View Full Version : Mounting a chuck to a Phase II rotary table question ....

Gary Heath
03-01-2011, 05:33 PM
I have a lathe with 8" D1-5 chucks that I would like to use on my 8" Phase II rotary table (that has 4 each .4650" T- slots, and an MT3 center taper).

Does anyone know of an adapter that will allow me to just bolt this together, or do I have to make up one myself?

I've looked at the Phase II adapter plates and they only allow a plain back 6" chuck to be used on the 8" table. :(

Thanks, and best regards,


Dr Stan
03-01-2011, 06:50 PM
You'll probably have to make this yourself. If you Goggle D1-5 spindle nose you should be able to come up with the specs.

03-02-2011, 12:27 AM
Gary you could make/buy a D1-5 backplate but if you are going to use it on your mill in the horizontal position you better have a big mill. I am doing a job at this time w/ a piece 5 in. tall on an 8inch rotary table. The piece is mounted on a plate .625 thick and there is not much clearance for tooling and this is on a Lagun.
Just something to think about.

03-02-2011, 09:10 AM
Try contacting this guy Gary, he may be able to advise


Regards Ian.

Gary Heath
03-02-2011, 04:10 PM
After some advise from others ..... I found what I need to do what I want!! :)

As some have pointed out; using a D1 chuck is going to take up a lot of vertical space, and at $95 price for the G9866 8", 4 jaw independent from Grizzly, I would be better off just buying and using it to do what I want.
More vertical space, will just bolt right up to the table using it's 4 through-holes, some bolts and some T-nuts, and is more cost effective than going to a purchased (and probably even a home-made) adapter plate for a D1 chuck.

Thanks for the responses, and best regards,


Forrest Addy
03-02-2011, 05:12 PM
Height can be critical on smaller mills. If you have a rotary table that 3 1/2" high then add a 12" chuck and a thick ridiculous adapter plate you can be over 10" high at the jaw tops. Add 3" of tooling and there's not much room for work height between table and spindle nose. Even an extra inch can be important.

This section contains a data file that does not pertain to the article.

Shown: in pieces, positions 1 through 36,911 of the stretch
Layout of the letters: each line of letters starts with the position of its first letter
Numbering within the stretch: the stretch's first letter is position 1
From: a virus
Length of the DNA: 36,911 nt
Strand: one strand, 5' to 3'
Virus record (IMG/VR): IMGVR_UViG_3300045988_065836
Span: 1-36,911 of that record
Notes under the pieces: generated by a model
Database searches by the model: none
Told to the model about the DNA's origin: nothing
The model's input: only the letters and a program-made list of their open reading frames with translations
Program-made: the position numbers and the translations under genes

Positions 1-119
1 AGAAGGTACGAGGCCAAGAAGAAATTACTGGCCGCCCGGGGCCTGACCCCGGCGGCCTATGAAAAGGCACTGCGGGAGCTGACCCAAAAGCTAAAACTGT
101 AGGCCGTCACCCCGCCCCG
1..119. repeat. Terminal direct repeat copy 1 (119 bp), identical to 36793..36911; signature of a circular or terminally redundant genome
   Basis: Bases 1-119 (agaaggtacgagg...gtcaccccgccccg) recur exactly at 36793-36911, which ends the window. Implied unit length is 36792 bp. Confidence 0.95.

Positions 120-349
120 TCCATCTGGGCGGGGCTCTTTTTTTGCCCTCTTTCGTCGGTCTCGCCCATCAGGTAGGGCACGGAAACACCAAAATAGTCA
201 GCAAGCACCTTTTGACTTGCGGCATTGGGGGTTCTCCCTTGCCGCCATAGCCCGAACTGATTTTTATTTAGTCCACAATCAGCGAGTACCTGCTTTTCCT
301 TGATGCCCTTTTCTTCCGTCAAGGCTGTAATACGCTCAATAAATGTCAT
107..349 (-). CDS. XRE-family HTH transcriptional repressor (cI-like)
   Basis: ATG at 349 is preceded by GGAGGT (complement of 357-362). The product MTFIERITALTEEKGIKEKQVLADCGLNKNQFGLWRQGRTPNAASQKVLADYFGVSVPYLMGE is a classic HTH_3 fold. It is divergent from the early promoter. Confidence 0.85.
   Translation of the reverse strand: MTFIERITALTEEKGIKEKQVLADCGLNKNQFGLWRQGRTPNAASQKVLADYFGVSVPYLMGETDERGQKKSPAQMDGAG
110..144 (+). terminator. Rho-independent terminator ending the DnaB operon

If the budget will stretch get a chuck just for the rotab; a plain back you can fiddle with. Any amount that's not needed for strangth and rigidity takes up height you might need for taller work. How much to machine off? Every situation is different so I couldn't tell you - but don't get too carried away.

I suggest you machine the back of your chuck body to suit your rotab leaving integral keys to fit in the rotab slots. Drill if the existing chuck holes dont line up with the table - or dril and tap the table. Plan carefully. Cast chuck bodies and and rotary tables have thick and thin sections. If you drill through a thin place you may not have enough thickness to tap.

If you mill the integral keys right the chuck will center on the table - IF the table keys are checked for location and any errors found are compensated for.

03-03-2011, 10:07 AM
"If you have a rotary table that 3 1/2" high then add a 12" chuck and a thick ridiculous adapter plate"

The adaptor plate shown adds virtually nothing to the stack height. The O/P's request was for a D1-5 type mounting and ANY D type fitting is compromised by pins stuck out the back of the chuck/faceplate/collet holder.

This is the price you pay for speed of interchangability.

Regards Ian.

03-04-2011, 12:59 AM
Gary one last thought. If you are doing small work you can put a small 3 or 4 jaw chuck in the outside jaws of your 3 jaw that is on the machine, then transfer the work to the mill and hold down w/ either clamps or thru bolts.